Also, I know that this is a prototype, but if the game ended up at some point getting picked up for full production, could you consider making the stableboy a person of color (if he already is, I defaulted to white and I'm sorry about that) or in some way not the white cishet guy default? A POC protagonist might be interesting because disrupts the standard (white) Stableboy with a Destiny trope, and I don't have a centuries worth of media telling me I know how that story already goes. Which could also be a negative if that's what you want to invoke, but it could also make turn the story more to what kind of qualities make heroes that are overlooked by people who consider themselves heroes. It's an option, I'm putting it out there, though I would be interested in hearing your reasons for having the stableboy designed as he is.

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I think the whole idea of an exceptional stableboy is cliche and detracts from the unique focus of the game on the horse. It turns it into a game about a stableboy with a horse.

John is an ambitious young designer, but it's too bad he seems to have a penchant for shitty narrative cliches.

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Ah, there is no better start of the afternoon than watching Suejack completely embarass himself by making a completely absurd assumption based on zero gameplay and a Day 0 meeting.

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Ah, there is no better start of the afternoon than watching Suejack completely embarass himself by making a completely absurd assumption based on zero gameplay and a Day 0 meeting.

I think suejack is the resident troll. I've seen almost nothing but antagonistic posts from them. It is best to just ignore what they say.

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I'm sorry, was there something controversial about what I said?

John's current proposal is for a narrative focus on a horse-hearer boy hero. I think this is cliche and detracts from the one thing this game has going for it: a twist on a cliche.

Is this trolly somehow?

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I'm sorry, was there something controversial about what I said?

John's current proposal is for a narrative focus on a horse-hearer boy hero. I think this is cliche and detracts from the one thing this game has going for it: a twist on a cliche.

Is this trolly somehow?

You are needlessly antagonistic with your criticisms (or whenever anyone disagrees with you). Also, the focus is on the horse. Think of the Stable Boy as a MacGuffin. A tool to move the plot alone. The Stable Boy is Cousin Roman to the Horse's Niko Bellic. It is the Horse's story, but the Stable Boy plays a part of it. He's not the focus of it. You are assuming he will be the focus and that the story will revolve around him simply because they made a design decision to include the boy in the prototype because he is a more important asset/character for the prototype. It's been said, multiple times, that the boy isn't the main character or the focus. He is important, but not more so than Steed.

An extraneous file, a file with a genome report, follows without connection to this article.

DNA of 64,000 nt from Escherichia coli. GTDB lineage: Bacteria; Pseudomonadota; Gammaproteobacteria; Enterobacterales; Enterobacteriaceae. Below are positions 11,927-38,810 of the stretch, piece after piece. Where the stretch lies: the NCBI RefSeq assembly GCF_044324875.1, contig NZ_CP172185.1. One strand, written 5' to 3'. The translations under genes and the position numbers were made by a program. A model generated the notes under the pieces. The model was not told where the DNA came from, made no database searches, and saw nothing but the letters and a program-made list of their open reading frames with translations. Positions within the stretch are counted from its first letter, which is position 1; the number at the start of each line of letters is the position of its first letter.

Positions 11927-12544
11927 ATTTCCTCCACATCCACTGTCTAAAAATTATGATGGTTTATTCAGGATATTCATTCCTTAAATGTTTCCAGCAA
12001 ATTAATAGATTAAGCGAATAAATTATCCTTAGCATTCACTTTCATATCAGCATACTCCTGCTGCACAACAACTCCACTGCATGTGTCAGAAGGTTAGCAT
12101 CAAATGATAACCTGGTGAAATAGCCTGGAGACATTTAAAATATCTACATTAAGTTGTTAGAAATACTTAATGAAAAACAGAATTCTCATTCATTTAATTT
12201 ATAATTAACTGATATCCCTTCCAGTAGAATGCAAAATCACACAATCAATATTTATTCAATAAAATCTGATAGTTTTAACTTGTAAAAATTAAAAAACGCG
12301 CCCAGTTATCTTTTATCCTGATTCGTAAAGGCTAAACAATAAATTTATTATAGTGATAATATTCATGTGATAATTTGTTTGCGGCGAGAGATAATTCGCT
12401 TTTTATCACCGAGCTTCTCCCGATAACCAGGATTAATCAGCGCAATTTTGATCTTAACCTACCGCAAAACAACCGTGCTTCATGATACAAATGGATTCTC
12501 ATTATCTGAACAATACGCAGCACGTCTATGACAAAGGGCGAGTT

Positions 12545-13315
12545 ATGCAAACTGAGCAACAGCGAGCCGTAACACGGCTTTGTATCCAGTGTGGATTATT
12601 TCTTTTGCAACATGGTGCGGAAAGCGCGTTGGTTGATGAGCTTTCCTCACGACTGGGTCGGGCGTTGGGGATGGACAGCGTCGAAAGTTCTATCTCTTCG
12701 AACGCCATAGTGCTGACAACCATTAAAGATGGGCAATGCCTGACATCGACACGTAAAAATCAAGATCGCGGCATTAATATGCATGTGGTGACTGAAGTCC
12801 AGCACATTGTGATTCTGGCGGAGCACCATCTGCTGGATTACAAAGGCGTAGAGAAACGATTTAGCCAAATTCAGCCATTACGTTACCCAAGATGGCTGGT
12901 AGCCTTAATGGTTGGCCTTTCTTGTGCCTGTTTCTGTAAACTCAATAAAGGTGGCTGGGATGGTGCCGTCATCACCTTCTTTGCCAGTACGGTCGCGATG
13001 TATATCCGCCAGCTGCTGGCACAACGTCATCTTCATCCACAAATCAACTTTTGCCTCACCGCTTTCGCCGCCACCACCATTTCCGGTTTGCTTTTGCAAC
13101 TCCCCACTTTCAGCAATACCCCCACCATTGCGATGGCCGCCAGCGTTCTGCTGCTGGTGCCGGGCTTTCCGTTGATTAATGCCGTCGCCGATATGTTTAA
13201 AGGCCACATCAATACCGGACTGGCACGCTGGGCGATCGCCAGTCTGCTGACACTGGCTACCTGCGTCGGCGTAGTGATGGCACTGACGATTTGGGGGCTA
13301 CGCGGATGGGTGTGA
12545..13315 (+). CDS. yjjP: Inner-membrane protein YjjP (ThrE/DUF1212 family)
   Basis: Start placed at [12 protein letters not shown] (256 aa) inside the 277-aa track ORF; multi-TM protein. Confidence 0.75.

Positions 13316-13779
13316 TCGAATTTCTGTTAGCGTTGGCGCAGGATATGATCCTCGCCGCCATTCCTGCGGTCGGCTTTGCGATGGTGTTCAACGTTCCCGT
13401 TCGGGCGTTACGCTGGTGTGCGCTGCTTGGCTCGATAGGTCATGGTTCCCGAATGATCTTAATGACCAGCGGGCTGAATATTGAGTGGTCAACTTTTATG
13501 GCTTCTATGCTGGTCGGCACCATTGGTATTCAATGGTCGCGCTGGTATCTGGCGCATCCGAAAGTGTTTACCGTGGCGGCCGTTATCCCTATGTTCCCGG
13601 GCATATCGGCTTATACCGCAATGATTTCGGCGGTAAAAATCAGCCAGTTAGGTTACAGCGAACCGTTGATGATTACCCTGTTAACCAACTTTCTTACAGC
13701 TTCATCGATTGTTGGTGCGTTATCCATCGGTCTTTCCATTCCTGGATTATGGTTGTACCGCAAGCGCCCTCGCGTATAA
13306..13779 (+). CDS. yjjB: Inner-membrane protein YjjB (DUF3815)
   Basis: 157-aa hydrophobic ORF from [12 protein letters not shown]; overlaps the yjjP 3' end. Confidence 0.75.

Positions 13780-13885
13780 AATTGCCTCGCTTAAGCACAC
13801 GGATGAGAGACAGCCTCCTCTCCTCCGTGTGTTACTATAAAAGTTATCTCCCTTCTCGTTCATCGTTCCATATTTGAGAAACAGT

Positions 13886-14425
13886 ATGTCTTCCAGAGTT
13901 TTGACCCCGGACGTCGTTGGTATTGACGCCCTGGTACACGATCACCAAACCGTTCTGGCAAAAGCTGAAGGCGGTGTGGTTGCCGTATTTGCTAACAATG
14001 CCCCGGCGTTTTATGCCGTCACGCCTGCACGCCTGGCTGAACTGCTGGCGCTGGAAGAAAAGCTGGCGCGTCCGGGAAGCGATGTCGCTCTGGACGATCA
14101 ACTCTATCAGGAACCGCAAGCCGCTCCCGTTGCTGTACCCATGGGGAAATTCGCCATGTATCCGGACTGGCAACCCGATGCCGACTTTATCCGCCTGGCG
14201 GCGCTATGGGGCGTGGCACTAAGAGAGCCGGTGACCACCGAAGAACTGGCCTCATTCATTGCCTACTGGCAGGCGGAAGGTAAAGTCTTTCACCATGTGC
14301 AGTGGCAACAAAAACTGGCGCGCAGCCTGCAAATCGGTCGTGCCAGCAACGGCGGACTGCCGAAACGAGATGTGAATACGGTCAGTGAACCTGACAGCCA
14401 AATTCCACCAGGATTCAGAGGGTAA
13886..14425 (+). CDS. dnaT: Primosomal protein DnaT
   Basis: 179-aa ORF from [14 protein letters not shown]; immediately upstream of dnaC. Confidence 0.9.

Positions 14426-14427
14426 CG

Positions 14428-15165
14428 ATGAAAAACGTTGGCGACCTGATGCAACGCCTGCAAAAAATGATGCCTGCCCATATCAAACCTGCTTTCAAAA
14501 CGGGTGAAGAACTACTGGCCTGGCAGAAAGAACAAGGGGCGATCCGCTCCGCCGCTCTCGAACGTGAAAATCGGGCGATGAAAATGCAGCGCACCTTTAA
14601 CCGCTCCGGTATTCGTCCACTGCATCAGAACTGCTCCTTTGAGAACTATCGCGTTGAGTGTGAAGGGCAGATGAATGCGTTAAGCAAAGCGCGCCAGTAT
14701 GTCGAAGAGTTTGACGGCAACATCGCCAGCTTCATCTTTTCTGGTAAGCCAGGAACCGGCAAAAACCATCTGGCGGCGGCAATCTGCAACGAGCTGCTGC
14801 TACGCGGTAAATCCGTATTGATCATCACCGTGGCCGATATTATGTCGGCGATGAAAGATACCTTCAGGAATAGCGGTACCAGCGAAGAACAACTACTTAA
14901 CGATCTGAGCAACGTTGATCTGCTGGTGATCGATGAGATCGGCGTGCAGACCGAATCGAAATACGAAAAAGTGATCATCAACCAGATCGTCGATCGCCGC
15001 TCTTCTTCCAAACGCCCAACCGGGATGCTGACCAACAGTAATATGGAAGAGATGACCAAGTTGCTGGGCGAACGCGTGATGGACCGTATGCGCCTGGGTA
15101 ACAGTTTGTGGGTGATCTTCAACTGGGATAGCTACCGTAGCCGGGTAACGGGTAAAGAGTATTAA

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And that's all great, if you can swing it.

I know he's imagining a retelling of a cliche tale from a new set of eyes... I can see that argument, but it just seems like such a waste to introduce a heroic human character into a game about the horse. I think the game would be much better served in true GTA style: there is no costar, certainly not Roman, and everything is ultimately merely a vehicle for the protagonist.

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And that's all great, if you can swing it.

I know he's imagining a retelling of a cliche tale from a new set of eyes... I can see that argument, but it just seems like such a waste to introduce a heroic human character into a game about the horse. I think the game would be much better served in true GTA style: there is no costar, certainly not Roman, and everything is ultimately merely a vehicle for the protagonist.

That is a better worded criticism than "penchant for %#$@&! narrative cliches." If you had said that originally, I'd have no problem with it. It is a valid concern to have.

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Well, he does strike me as a bit of a cornball cliche fetishist, a bit like Brad Muir strikes me as [EDIT: sorry, I'm a jerk. Brad Muir seems very enthusastic].